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Battling Rudeness, Part 2: Helping Your Child Learn Positive People Skills

Girl sticking her tongue out

​​​Rudeness damages others by creating stress, eroding self-worth, creating relationship problems, and making life difficult. When others treat us rudely, we often become vulnerable and overcome by self-doubt. Teaching children to be polite is not an all-or-nothing proposition, rather it is a continuum​ that starts at birth and continues throughout life. Teaching a child just a single strategy about politeness will better that child and his or her life.

The most important skill we can teach our children to help them succeed in life is the ability to get along with others. To do that, it takes a village. If we fail, the rest of the world will let us know, and our kids will be subjected to a life of ridicule, isolation, and despair. As a parent, you are your child’s prime instructor. So, model politeness, say “No” to rudeness, and keep making a positive difference.

Here are some tips for teaching your children how to say “No” to rudeness and “Yes” to politeness:

  • Start by setting a zero tolerance for rudeness. Explain to your children that it is your job to help them grow up to become the best they can be. Let kids know that rudeness is a damaging learned behavior, and that you can and will teach them to avoid it and use better ways to behave.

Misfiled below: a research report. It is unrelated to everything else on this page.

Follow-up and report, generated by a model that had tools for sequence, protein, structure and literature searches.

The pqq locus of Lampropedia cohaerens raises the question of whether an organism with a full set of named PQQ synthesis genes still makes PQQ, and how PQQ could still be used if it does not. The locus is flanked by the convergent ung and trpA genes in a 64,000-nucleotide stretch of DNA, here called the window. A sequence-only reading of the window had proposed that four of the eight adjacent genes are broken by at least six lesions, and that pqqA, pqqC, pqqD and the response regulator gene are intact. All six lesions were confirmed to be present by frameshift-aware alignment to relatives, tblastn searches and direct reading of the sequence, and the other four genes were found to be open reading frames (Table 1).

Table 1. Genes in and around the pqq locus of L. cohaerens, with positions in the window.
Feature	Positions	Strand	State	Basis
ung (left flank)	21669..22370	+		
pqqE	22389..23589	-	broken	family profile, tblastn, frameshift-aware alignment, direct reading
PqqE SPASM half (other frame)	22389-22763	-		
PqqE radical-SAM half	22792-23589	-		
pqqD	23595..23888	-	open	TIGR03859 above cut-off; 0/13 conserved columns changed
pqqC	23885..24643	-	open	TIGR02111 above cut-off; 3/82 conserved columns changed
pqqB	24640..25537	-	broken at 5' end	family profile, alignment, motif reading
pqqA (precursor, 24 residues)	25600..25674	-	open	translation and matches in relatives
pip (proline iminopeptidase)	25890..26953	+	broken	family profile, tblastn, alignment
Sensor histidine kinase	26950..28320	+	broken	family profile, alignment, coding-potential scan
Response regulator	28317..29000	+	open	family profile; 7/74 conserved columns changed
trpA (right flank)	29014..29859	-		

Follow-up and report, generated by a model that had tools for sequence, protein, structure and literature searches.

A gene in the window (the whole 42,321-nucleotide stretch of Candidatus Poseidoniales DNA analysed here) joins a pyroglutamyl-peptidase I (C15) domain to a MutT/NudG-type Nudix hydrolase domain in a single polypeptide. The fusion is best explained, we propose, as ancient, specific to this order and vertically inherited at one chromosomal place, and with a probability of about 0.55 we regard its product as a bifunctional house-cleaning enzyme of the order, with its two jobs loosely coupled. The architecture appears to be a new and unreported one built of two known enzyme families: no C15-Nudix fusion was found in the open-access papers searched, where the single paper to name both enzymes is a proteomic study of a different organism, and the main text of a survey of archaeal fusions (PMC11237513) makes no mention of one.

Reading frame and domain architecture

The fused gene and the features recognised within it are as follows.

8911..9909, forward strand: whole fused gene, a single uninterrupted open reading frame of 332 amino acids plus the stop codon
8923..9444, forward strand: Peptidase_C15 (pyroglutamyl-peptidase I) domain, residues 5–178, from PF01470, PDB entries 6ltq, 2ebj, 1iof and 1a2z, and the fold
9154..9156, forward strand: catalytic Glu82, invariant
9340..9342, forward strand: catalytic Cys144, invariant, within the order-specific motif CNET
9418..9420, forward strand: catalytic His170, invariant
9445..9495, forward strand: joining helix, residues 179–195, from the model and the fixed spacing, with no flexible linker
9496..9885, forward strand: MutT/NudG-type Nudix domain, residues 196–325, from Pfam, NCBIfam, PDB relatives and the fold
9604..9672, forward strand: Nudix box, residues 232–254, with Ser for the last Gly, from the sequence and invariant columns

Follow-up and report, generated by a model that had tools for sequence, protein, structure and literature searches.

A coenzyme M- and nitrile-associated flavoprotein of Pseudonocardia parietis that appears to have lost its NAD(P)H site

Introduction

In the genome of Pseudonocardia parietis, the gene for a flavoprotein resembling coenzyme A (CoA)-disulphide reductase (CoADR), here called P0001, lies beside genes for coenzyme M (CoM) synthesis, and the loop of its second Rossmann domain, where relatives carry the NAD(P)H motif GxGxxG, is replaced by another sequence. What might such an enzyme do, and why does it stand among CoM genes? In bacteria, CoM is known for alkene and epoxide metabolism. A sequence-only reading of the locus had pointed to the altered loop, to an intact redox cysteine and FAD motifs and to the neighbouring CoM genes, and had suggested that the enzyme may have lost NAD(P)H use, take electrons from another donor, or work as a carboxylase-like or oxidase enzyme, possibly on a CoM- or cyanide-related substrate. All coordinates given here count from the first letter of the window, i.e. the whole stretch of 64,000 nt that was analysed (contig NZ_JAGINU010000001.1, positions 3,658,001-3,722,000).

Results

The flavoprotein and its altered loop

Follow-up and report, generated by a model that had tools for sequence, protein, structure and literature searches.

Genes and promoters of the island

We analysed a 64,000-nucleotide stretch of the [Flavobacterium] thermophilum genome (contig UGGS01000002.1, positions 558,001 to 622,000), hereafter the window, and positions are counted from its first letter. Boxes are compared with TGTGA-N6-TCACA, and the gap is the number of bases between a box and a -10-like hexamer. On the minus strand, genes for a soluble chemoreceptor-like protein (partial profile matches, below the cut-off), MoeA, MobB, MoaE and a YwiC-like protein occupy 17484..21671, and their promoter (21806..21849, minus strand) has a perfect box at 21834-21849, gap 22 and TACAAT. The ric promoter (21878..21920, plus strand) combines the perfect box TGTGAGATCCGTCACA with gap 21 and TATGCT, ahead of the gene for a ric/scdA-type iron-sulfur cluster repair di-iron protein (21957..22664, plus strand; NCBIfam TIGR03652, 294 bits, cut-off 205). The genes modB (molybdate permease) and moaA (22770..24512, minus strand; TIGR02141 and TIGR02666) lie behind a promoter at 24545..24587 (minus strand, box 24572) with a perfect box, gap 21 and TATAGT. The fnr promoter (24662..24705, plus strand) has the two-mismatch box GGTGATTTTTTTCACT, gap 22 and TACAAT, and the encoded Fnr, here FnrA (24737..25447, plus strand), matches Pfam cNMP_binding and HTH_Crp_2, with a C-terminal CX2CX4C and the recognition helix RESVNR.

• When you see your child acting rudely, go back to the lists on the causes for rudeness in my earlier blog and try to figure out why he or she is choosing to act that way. If you can figure out the cause, it is much easier to develop an effective solution. Use incidences of rudeness as teaching opportunities to help your children develop good manners and social skills.
  • Model politeness in every way possible. Your children are always watching you and they will follow your example. If you are ever rude in front of your kids, acknowledge your behavior to them and apologize.
  • Show and feel empathy. Based on the cards children are dealt in life, they may be playing the best hand they can to win at life. Teach children from where they are currently at in the world and not from where you expect them to be.
  • Read stories to your kids that have messages about positive behavior that counteracts rudeness (A few suggestions include: Cell Phoney; Sorry I Forgot to Ask!; Teamwork Isn’t My Thing and I Don’t Like to Share; But It’s Just A Game!; Cliques Just Don’t Make Cents!; Thanks For the Feedback; and Making Friends Is an Art! All of these books are available through the Boys Town Press®. )​
  • Have your children point out how the stories’ characters acted rudely. Discuss why the characters may have chosen to act that way, if they knew they were being rude, and what they did to overcome their rudeness. Often, if a child in a story has a problem and learns to solve it, the young reader can identify with the strategies used in the book and apply them in real life.

We often tell parents and kids: “Your thoughts are private, but your behavior is public.” You can think whatever you want to think, but the minute you let your thoughts out of your head through your words or actions, they become public information. And your words and actions are what people use to define the kind of person you are.

When it comes to how you want your children to treat others, there isn’t a better reason for teaching them positive social skills.